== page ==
National 01/11/16 medscape.com: by Janis C. Kelly – Zika virus, a mosquito-borne infection believed to cause microcephaly in infants born to infected mothers, has crossed from Latin America into Texas, experts reported today. The case of Zika in a traveler recently returned from El Salvador was confirmed through investigations by Harris County, Texas, health officials and the Centers for Disease Control and Prevention (CDC). The case is expected to result in major new surveillance and vector-control initiatives. Peter Hotez, MD, dean of the National School of Tropical Medicine at Baylor College of Medicine, president of the Sabin Vaccine Institute, and Texas Children’s Hospital Endowed Chair of Tropical Pediatrics, Houston, told Medscape Medical News, “There is a perfect storm brewing for Zika virus in the US. I was never worried that Ebola would take off here, but I am worried about Zika. We have 2 species of Aedes mosquitoes that can transmit Zika in our area. We also have high levels of poverty, resulting in people living without window screens and near discarded tires and other water-catching containers where the mosquitoes can breed.” Dr Hotez said that Zika infection usually produces nonspecific, influenza-like symptoms in pregnant women, with the associated birth defects becoming apparent only 9 months later. “By that time, it is too late,” Dr Hotez said. “This first case of Zika infection in Harris County is a wake-up call, a warning that we should immediately start implementing programs of active surveillance. As we move into the spring and summer months, if we start seeing cases among people who have never traveled outside of the country, we need to implement aggressive mosquito control measures as well as health advisories for people to implement personal protection measures.” – For complete article see http://www.medscape.com/viewarticle/857072?nlid=96603_3901&src=wnl_newsalrt_160112_MSCPEDIT&uac=218349HV&impID=953397&faf=1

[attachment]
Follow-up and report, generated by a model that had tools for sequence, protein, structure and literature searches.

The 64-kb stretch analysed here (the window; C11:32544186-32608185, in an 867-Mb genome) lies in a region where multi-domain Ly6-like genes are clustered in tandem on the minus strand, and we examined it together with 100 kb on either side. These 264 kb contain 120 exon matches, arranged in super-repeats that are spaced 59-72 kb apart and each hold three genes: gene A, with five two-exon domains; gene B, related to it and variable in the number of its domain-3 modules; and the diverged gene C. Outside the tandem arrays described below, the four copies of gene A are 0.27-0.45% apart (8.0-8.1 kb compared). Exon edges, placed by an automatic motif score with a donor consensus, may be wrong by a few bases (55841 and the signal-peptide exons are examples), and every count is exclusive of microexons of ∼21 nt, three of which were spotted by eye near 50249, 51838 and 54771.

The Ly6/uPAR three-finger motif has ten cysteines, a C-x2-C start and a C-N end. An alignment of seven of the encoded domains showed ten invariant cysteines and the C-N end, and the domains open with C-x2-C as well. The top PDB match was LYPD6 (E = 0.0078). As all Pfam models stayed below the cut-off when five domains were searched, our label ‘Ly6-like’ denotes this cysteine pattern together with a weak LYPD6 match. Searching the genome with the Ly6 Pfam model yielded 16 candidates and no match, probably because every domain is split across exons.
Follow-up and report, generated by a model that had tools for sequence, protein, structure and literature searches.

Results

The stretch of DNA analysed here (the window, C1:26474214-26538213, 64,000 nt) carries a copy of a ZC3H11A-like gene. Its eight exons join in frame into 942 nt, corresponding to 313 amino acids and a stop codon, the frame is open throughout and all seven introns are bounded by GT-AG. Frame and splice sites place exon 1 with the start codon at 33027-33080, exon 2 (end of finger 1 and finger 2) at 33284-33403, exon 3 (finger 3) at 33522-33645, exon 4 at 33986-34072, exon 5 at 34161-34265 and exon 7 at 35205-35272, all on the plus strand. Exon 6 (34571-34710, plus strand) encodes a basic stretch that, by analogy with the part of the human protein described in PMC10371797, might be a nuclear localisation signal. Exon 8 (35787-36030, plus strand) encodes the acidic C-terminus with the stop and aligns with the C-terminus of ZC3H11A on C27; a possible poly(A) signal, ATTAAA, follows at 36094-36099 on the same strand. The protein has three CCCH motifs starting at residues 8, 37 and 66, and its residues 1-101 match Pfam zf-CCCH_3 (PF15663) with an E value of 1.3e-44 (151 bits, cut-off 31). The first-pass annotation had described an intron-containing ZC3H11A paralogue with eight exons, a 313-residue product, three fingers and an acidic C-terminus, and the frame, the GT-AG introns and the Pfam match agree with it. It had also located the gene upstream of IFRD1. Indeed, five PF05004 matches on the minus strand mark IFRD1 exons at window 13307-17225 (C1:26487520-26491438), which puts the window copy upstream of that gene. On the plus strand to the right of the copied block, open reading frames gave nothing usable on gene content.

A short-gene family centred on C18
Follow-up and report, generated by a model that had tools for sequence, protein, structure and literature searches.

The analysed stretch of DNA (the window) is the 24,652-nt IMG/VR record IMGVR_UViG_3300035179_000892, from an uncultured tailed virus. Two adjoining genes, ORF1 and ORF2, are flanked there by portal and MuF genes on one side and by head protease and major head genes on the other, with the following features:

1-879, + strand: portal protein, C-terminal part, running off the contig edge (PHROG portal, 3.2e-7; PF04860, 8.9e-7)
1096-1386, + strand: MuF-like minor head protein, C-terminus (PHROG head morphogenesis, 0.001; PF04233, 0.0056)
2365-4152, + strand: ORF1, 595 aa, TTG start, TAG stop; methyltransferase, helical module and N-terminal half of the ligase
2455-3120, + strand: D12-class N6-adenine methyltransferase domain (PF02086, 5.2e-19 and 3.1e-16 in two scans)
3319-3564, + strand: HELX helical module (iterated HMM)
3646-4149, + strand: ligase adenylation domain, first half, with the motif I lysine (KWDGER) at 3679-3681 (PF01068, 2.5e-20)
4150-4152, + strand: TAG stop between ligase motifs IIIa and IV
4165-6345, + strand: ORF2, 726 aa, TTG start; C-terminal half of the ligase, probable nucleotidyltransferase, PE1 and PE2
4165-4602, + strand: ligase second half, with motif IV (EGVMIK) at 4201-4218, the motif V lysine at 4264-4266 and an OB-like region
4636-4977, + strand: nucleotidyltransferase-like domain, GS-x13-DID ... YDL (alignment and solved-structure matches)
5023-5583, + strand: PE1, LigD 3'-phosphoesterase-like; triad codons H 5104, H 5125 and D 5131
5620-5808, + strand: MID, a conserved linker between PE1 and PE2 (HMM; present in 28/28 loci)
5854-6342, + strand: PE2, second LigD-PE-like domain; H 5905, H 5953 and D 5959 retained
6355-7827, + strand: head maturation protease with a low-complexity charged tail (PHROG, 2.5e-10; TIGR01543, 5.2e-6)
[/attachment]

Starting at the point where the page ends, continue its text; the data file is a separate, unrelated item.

Author’s Note: According to numerous reports, the infected traveler is a resident of the City of Houston, Texas.